I’ve been in this self-publishing game for a couple of very informative years now, and tried out a lot of the stuff the marketing gurus suggest: Twitter, Facebook, webpage, blog. I’ve had varying degrees of success so far, and it’s been a steep learning curve. With “Why Are People So Stupid?” coming out before Christmas, I’m on a big push, so I thought I’d make a new attempt at slalom. I decided to attend a writer’s convention.
Was it useful? Well, like everything else, the answer is Yes and No.
The first thing that I found out is that, like books, there are different styles of festivals aimed at different markets. The Vancouver Writers Fest is a higher-level conference, mainly designed for fans to come and meet some of Canada’s top writers, like Margaret Atwood and Graeme Gibson and Dennis Lee. (Okay, Alligator Pie and Fraggle Rock aren’t so literary, but Dennis is very popular.) Most of the activities are discussions, panels, and “An Intimate Evening With the Author.” Except for a very active children’s section, there is a definite “literary” slant. Tickets for individual activities are $17.
The Surrey International Writers Conference, on the other hand, is aimed at writers who want to learn about their trade, and more oriented towards “pop” genres. You sign up for the whole festival ($589) or a whole day ($299).There are some panels, discussions, and feature celebs (Diana Gabeldon was a speaker and presenter this year), but most of the activities are workshops with titles like, “Improving Your Dialogue,” “Writing With Passion,” and “Future Funny: A Discussion of Writing Humour in Science Fiction and Fantasy.” That one appealed to me.
But I am a Starving Artist and both conferences were held the same week. (Why do they do that?) Since I’ve always wondered what was the big deal with Margaret Atwood, I decided to volunteer at the Vancouver Writers Fest.
Volunteering is a great way to see a whole bunch of the conference (albeit in fragmented form) for free. For the Vancouver Writers Fest, you had to sign up for at least 12 hours of 3 – 4 hour shifts, and competition was tough. Vollie enrollment is full least 4 months ahead of time, and it is imperative that you sign up for the shifts you want the moment they are offered. Other wise, the good ones get snapped up, and you end up with a dog’s breakfast. Well, perhaps we could be polite and say you get an “olio of choices.”
Since I was a newbie, I ended up on book sales, box office, and ushering, all jobs where I had little experience. I learned a bit on each one, and got some close-up observations of authors “on the circuit.”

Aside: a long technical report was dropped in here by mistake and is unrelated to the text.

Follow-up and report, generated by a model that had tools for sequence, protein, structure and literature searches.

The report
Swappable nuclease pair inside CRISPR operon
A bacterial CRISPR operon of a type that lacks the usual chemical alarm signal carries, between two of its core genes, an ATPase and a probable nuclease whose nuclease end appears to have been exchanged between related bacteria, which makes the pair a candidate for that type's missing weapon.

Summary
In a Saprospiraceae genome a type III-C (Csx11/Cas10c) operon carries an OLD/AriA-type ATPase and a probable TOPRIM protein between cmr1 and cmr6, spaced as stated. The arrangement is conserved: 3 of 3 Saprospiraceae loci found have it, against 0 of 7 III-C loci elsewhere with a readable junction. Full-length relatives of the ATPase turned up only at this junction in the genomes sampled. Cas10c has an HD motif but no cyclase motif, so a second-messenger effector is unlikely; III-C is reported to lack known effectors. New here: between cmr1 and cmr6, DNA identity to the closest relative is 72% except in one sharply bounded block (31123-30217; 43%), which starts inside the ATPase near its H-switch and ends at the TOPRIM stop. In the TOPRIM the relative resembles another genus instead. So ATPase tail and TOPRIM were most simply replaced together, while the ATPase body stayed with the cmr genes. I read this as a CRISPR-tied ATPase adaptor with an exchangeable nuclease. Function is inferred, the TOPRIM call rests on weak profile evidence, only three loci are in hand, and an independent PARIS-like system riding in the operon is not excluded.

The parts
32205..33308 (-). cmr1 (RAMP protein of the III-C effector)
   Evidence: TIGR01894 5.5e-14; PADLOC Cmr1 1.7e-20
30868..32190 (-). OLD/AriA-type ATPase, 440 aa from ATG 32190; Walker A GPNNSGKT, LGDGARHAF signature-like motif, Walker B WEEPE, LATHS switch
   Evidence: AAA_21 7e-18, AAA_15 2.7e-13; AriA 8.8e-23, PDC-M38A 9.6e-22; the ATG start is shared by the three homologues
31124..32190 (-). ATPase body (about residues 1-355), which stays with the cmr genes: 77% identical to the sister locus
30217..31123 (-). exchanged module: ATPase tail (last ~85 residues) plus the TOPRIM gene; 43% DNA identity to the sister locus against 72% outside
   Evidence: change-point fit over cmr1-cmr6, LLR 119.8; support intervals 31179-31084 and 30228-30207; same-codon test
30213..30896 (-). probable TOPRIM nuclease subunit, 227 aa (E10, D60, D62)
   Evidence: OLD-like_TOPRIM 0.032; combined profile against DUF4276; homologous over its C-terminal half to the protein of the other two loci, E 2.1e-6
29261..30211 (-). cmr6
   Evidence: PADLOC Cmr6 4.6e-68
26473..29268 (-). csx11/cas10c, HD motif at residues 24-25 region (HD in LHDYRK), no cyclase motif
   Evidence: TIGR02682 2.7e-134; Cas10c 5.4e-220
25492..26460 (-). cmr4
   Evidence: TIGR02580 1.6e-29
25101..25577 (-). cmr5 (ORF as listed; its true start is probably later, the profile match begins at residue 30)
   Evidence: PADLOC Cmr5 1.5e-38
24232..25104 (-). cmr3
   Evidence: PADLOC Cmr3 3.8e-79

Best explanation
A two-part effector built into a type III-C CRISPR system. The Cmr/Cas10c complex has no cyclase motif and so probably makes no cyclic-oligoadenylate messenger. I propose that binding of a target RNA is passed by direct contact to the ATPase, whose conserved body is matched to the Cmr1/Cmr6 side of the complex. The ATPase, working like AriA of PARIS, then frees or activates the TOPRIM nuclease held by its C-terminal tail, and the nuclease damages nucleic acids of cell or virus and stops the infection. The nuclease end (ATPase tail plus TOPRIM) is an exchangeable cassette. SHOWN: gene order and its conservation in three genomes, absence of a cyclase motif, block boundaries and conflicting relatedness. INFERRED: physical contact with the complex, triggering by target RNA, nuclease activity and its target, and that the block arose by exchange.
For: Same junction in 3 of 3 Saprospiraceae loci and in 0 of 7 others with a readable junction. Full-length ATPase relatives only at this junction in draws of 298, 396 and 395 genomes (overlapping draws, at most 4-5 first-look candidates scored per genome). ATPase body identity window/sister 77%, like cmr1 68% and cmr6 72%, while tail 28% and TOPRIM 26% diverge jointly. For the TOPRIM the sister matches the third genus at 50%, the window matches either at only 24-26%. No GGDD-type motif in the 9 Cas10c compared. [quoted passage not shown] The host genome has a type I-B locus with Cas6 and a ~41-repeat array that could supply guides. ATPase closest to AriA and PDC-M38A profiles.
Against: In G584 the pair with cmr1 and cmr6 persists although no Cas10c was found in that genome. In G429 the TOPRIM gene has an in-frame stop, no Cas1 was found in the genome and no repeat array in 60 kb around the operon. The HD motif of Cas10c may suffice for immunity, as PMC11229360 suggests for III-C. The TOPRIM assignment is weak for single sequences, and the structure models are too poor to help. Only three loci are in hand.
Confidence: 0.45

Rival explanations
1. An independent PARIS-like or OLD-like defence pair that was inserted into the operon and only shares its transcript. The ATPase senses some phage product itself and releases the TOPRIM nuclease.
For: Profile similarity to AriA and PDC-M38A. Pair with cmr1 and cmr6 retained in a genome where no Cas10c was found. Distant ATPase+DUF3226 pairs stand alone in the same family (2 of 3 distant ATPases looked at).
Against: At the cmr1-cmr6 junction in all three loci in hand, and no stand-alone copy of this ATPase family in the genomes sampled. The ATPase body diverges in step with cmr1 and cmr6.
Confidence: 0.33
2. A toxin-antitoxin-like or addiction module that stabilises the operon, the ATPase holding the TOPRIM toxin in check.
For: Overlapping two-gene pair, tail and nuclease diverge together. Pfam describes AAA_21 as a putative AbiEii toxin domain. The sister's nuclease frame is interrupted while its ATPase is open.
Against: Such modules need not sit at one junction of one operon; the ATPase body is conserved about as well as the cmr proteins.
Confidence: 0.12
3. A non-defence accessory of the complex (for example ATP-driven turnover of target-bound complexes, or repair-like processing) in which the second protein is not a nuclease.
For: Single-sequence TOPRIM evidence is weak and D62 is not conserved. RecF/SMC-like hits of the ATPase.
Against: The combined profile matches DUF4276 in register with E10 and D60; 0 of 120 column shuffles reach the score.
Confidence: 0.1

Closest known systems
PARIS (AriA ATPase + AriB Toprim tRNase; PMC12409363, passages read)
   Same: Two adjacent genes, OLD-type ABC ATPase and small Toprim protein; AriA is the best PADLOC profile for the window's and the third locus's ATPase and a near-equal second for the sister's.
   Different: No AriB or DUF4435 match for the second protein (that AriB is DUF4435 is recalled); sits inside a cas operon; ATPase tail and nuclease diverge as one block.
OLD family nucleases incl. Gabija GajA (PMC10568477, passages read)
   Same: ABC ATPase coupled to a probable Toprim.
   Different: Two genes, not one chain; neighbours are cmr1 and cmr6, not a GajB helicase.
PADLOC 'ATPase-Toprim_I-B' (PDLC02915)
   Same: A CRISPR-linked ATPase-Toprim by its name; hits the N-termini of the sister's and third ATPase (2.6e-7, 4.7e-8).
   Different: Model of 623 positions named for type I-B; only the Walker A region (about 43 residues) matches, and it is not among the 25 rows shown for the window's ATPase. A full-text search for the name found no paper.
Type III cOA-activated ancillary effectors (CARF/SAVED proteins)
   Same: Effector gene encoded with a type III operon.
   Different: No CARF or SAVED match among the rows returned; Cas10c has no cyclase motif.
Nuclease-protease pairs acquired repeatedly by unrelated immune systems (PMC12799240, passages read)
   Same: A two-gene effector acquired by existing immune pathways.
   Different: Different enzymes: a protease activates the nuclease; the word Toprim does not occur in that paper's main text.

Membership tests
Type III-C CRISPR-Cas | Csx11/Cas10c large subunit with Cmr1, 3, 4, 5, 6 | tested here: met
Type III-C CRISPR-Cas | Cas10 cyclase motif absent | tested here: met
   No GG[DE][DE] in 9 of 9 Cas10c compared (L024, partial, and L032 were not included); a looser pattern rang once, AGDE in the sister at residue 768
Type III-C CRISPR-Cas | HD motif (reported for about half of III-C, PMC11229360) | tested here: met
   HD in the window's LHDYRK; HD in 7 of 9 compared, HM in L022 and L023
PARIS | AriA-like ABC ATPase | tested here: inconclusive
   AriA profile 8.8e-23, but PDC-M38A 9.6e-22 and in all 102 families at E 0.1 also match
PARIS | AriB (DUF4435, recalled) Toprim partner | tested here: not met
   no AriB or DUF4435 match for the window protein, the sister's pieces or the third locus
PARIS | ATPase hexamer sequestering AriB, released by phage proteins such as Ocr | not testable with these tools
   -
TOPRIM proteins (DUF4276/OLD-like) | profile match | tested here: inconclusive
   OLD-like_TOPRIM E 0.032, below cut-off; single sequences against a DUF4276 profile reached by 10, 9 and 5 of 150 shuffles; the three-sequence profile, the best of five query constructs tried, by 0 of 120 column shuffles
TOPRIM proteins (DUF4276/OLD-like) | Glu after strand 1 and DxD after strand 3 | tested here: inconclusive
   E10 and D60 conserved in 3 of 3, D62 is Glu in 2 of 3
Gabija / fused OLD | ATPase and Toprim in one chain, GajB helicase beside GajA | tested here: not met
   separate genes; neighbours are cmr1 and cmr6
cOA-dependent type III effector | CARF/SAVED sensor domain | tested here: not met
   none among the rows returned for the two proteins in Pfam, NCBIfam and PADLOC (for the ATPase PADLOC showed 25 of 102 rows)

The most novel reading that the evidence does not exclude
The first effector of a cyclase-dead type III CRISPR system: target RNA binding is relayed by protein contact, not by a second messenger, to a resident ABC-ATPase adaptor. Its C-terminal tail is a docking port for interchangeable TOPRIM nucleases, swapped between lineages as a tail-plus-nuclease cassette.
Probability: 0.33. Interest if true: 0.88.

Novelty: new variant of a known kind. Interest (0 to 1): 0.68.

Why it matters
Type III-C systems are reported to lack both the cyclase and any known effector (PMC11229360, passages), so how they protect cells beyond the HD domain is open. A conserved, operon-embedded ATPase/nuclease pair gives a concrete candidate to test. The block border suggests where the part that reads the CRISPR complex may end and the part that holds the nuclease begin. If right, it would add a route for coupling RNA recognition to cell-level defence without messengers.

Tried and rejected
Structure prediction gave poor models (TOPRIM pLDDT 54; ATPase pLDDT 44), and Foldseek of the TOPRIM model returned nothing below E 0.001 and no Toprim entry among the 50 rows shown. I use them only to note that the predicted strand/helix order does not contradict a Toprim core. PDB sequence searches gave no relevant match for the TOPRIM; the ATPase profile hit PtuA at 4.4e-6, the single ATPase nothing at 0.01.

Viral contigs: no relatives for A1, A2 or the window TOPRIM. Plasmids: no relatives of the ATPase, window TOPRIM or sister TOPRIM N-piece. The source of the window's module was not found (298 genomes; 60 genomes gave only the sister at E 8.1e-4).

I also learned what an aspiring author has to do: be shameless. Talk about your book, but not too much. Just like all your advertising, don’t bore people. Make business cards with your book information and cover graphic on them, and pass them out. They cost pennies to create, and if one in a hundred sells a book, you’ve made money.
Last and definitely not least, I got involved in a pilot project to video the authors for internet distribution, which I will be working on for next year. The Fest needs me!
The other interesting thing I learned had little to do with book sales. I learned why Margaret Atwood is the Grand Dame of Canadian Literature. Oh, sure, she writes good books. But that’s not the source of her huge reputation. She is recognized by everyone for what she has contributed to her country’s culture, in the form of helping others get published, being a spokesperson for her genre, and all sorts of activities that haven’t directly made her a cent.
So was my visit to the Fest a marketing success? Not a chance. A learning experience? Most definitely. And the best lesson had nothing to do with sales. Promoting yourself, while necessary, is a selfish activity, and your success is limited by the saleability of your next book. Contributing to your community is one of the keys to lasting success, as all the bloggers out there are well aware.
So what did I learn at my first writer’s conference? Volunteer your time and expertise, both in person and on the internet. Your career will be glad you did, and your Mummy will be proud of you.
Gordon A. Long is a semi-retired teacher, eking out his pension with writing, playwriting, directing, helping beginners publish their books, and giving drama lessons to children and seniors. He races on “Planet Claire,” the hottest 32-foot Division 2 sloop in the Seattle/Vancouver/Victoria area. Learn more about Gordon and his writing from his blog and website. His book, Why Are People So Stupid? is available on Kindle Direct. The dead tree version is coming in February.